7. Mitchell Hall said...
    October 23, 2012

    There is usually no minimum income requirement only maximum. However like most coops the board will want to see that you can afford to make the monthly mortgage and maintenance payments. There is no formula every coop board has their own discretion. They usually require your last two most recent tax returns. Once you purchase your income can increase above the maximum with out any consequences.

    Feel free to contact me at 917-312-0924 or mhall@corcoran.com if you have any other questions or if you would like me to represent your interests in a purchase or sale. In New York State buyers have the right to their own representation and there is no fee to the buyer since the seller pays the broker fee.

  8. David Ding said...
    November 24, 2012
    This comment has been removed by the author.
  9. David Ding said...
    November 24, 2012
    This comment has been removed by the author.
  10. David Ding said...
    November 24, 2012
    This comment has been removed by the author.
  11. Mitchell Hall said...
    November 28, 2012

    An HDFC coop must be the shareholder's primary residence. Primary residence is the address on your federal tax returns. The residence must be occupied for over 185 days per calendar year. You may be able to count your present home as a second home or vacation home but they will know from your application it is your current primary residence. They may ask you to sell it. Every coop board including HDFC coop boards can use their discretion to approve or reject a prospective purchaser. Some boards may allow it while others may not.

  12. David Ding said...
    November 30, 2012
    This comment has been removed by the author.
  13. David Ding said...
    December 04, 2012

    one person $66000 to $91000 is quite high, how can it be for low income families?

  14. Anonymous said...
    January 02, 2013

    When determining your income, do you use your net or gross? Is that before or after deductions?

  15. Friend2B said...
    January 13, 2013

    As a married couple, can only one partner buy an HDFC coop since only one fulfills the income restriction requirements (we file joint tax returns btw) ???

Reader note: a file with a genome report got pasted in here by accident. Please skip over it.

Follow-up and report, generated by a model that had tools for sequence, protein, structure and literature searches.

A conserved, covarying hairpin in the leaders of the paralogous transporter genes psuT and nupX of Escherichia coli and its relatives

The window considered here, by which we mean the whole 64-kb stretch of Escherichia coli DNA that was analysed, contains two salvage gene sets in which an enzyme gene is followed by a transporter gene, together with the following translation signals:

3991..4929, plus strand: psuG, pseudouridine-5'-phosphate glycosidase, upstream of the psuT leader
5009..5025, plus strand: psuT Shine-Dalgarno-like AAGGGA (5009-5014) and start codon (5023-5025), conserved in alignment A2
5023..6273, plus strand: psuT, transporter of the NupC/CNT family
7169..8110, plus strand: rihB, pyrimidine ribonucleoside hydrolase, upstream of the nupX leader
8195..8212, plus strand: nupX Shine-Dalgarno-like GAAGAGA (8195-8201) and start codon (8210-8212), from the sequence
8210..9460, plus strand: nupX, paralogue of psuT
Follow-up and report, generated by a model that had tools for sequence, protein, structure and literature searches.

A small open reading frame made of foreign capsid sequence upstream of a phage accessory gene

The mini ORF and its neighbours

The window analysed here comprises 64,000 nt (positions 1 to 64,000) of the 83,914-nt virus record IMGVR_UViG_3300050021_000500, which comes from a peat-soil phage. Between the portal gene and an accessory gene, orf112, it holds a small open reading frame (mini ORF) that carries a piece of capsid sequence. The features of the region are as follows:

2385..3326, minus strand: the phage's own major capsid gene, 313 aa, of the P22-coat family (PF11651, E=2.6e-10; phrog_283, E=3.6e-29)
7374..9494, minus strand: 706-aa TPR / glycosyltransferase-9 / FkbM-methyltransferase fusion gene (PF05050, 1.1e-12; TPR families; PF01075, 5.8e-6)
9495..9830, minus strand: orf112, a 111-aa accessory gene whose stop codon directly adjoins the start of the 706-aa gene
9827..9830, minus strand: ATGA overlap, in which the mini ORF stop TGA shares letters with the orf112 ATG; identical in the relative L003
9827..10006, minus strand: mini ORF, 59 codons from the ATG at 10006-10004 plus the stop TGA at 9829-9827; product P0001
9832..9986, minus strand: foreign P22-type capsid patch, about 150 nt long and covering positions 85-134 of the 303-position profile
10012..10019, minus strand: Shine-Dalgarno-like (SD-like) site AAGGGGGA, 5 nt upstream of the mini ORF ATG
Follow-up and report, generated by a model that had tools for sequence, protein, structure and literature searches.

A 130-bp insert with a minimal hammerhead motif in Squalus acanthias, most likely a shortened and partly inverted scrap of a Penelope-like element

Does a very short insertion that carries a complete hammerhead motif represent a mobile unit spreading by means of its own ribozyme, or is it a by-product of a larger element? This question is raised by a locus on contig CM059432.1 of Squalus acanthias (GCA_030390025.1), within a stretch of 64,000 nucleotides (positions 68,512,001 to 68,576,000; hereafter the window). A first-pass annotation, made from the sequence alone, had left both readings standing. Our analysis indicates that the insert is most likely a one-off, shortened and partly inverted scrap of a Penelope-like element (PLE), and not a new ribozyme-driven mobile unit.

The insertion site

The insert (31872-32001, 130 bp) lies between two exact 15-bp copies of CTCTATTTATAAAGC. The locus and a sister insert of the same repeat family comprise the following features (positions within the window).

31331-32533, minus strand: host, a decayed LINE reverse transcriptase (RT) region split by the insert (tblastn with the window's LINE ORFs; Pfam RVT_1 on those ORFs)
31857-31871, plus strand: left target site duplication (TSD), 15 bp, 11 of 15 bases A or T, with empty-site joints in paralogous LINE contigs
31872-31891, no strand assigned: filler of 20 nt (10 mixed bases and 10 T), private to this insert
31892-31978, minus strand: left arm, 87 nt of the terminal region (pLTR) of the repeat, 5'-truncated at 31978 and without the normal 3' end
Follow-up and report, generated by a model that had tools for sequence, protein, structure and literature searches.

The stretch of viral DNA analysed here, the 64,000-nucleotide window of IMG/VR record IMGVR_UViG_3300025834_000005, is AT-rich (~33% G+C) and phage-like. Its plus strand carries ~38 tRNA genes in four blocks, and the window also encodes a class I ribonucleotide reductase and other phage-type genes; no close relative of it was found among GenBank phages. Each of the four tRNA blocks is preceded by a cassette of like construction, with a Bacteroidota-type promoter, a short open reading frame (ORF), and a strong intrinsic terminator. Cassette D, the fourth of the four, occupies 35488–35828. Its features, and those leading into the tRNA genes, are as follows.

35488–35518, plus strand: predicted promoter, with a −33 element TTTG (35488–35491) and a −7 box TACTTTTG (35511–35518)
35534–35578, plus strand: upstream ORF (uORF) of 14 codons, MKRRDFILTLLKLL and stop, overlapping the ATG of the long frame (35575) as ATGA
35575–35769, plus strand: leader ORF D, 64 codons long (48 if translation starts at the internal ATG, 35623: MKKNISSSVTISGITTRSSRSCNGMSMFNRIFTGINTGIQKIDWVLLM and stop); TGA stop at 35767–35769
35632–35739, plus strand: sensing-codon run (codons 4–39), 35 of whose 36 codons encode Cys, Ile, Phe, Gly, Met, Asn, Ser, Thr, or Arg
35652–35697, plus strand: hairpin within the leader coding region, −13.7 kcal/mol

16. Mitchell Hall said...
    January 14, 2013



    HDFC coops are a subsidized "affordable housing" program for low to moderate income families. Income qualifications are based on number of occupants/family size. Recent tax returns will be required as documented proof of income.

  17. Anonymous said...
    January 29, 2013

    What would be percentage of the profit made by the seller when selling his home that goes back to the co-op on a HDFC building?

  18. Anonymous said...
    January 29, 2013

    What is the percentage of the profit that goes back to the Co-op after selling the property in a HDFC building?

  19. Mitchell Hall said...
    January 29, 2013

    The percentage of profit shared is determined by the coop's flip tax. The coop's flip tax is in the coop's bylaws. Each building is different and each building has it's own governing documents such as certificate of incorporation and bylaws.

  20. Anonymous said...
    February 13, 2013

    I'm a student in grad-school (ie: makes no income) and my wife qualifies for an HDFC apt we're interested in. If she makes the purchase and I become an official occuppant, would I be able to buy another HDFC apt in the future (assuming my income then qualifies for HDFC)?

  21. Anonymous said...
    February 19, 2013

    Thanks very much for posting this. If I am trying to purchase a HDFC coop, who confirms my income? Do I have to send my tax returns to a city agency, or the building's board? Or what?

    Are there additional hurdles involved in securing financing for HDFC coops?

    Finally, it's my understanding that the building must sign a 30-year agreement with the city when it becomes an HDFC coop. Do such buildings ever leave the program or convert to normal coops at the end of the 30-year term?

    Thanks again!

  22. Anonymous said...
    February 24, 2013

    Hi Mitchell,